Yes, I have one. Many do. But, I have friends who actually act surprised when I mention him. “Oh, you have a brother? Why do I not know this?”
We aren’t that close. We were close growing up being only two or so years apart, but drifted after leaving home and stayed that way for a small handful of silly reasons and a dash of laziness and complacency on both our parts. Put it this way, when we were suddenly thrust into the same car to drive to Tennessee for our Aunt’s funeral, I had to Mapquest directions to his house.
I like him. He’s kind and funny and a hard worker and a seemingly great husband and father. We just don’t call or text or facebook or hang out except for the random holiday at our parents’ house. We mean well. We just get all hung up in our stuff.
Then this golden opportunity appeared under the cloak of grief. Road Trip. What better way to renew our sibling groove than to spend 24 hours in a car together? Just like old times. This could work or it could be, inappropriately, a nail in the coffin of our relationship.
In those 24 hours, we braved four Cracker Barrels all piping in the most dreadful contemporary Christian music, talked about poop, kids, ex-husbands (mine), more kids, divorces (mine), the genealogical roots of our family’s dysfunction, how difficult it is to be gluten-free when traveling, the crazy family dynamic currently in play, the death of our Aunt, and countless other topics.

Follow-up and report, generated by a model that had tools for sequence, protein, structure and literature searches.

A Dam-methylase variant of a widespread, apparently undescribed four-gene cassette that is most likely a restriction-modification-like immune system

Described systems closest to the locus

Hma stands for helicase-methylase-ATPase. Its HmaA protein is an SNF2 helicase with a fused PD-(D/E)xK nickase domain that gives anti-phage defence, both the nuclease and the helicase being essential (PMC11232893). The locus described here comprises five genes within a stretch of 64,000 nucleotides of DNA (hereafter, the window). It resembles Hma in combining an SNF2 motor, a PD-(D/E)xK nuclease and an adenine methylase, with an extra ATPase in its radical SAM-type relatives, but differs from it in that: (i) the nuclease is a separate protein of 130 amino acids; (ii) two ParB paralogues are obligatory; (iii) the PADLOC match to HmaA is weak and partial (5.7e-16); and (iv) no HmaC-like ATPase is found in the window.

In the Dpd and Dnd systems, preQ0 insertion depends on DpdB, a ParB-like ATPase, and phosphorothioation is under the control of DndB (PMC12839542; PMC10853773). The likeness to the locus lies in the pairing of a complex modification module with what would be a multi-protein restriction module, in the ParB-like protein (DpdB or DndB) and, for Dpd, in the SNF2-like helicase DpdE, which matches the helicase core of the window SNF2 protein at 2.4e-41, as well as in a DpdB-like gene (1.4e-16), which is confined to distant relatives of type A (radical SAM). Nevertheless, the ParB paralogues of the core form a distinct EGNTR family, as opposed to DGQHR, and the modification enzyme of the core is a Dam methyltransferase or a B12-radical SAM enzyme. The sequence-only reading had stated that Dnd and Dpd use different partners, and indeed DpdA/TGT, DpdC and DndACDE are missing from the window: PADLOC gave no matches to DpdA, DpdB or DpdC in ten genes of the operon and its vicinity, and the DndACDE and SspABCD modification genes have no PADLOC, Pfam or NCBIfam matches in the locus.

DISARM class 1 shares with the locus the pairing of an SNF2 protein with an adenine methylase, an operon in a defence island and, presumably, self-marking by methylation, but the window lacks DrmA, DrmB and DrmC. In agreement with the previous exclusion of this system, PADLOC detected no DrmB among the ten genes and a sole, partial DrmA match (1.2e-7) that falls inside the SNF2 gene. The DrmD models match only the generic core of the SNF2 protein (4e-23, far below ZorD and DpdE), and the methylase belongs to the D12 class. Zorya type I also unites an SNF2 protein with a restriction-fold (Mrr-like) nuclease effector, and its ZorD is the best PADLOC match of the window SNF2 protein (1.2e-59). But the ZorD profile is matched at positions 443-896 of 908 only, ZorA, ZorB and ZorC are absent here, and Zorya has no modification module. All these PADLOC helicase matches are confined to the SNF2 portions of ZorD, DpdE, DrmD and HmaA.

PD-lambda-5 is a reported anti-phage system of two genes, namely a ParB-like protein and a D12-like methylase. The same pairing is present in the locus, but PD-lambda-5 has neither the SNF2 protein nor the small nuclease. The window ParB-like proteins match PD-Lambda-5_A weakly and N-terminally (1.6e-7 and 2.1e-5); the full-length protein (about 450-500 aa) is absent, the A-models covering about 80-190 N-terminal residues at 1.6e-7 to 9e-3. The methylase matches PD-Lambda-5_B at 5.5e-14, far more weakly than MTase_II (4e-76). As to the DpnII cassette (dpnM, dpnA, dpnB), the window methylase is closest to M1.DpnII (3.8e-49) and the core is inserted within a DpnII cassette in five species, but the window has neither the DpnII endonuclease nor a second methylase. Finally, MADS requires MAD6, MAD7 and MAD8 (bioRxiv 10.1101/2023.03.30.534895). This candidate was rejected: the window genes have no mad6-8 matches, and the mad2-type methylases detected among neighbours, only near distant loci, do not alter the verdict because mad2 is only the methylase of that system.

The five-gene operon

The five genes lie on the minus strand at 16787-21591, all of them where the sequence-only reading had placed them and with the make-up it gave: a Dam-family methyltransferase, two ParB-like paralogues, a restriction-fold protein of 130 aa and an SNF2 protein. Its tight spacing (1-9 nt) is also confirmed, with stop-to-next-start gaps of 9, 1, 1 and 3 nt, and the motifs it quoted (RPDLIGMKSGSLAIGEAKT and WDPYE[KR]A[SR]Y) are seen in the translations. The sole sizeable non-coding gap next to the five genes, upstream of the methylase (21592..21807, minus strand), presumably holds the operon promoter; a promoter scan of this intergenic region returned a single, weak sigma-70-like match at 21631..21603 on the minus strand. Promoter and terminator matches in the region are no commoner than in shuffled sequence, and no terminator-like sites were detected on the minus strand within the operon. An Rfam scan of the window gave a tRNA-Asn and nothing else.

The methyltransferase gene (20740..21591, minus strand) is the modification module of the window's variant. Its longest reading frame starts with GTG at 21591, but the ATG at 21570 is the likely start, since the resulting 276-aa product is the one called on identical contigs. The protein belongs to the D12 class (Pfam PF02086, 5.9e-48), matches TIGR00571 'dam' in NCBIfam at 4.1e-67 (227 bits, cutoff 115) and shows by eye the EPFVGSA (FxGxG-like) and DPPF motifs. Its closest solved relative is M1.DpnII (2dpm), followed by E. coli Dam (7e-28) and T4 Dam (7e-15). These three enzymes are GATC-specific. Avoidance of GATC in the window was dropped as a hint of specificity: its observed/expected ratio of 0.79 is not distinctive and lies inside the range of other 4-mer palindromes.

We were reminded that in The Land of Drawl people talk differently, move slowly, and drive even slower. Even the toilets flush slowly. We listened to the housekeeping department at the hotel discuss a missing BYE-BUHL from a room. (Translation: Bible) They were also discussing some missing hangers. “I need one like iss, not one like at.” The kind of stuff that will make you pause. Even if it’s simply from realizing that if we had never moved, we’d talk like that too. Only in east Tennessee can someone visiting from Missouri seem like a total Yankee.
The trip was awesome. No awkward silences. He let me play DJ and even enjoyed some of the music. We reminisced when he busted out his 80’s playlist. We commented that apparently the right lane is now called the texting lane. I learned that as far as organs transplants go, kidneys are the volume leader. According to my brother, the Boy Scouts of America have settled for celebrating mediocrity, but he is working as a troop leader to keep the tradition alive and to keep pumping Eagle Scouts into society.
When the conversation waned and I got tired, he let me sleep. When we ran out of available subjects and I started asking existential questions like, “Why are all barns red?” He actually knew the answer. It has something to do with iron oxide.
When he got tired, I let him sleep even though I was nervous about being left totally in charge. When he felt like dorking out on Star Wars, I let him and I joined in the nerd fest. Did you know the guy who acted in the fight scenes as Darth Vader died the day before we left? I did. And we bonded.
We jointly agreed to blow off part of a family thing so I could go shoot photos and he was happy to be the driver of the getaway car when I wanted to sneak around a fence into a chemical plant for a great shot.
After the trip, we fist-bumped and I burned him some CDs. And I realized that I always have a go-to when the chips are down or if I need to free my leg from a bear trap. For a friend with an understanding heart is worth no less than a brother.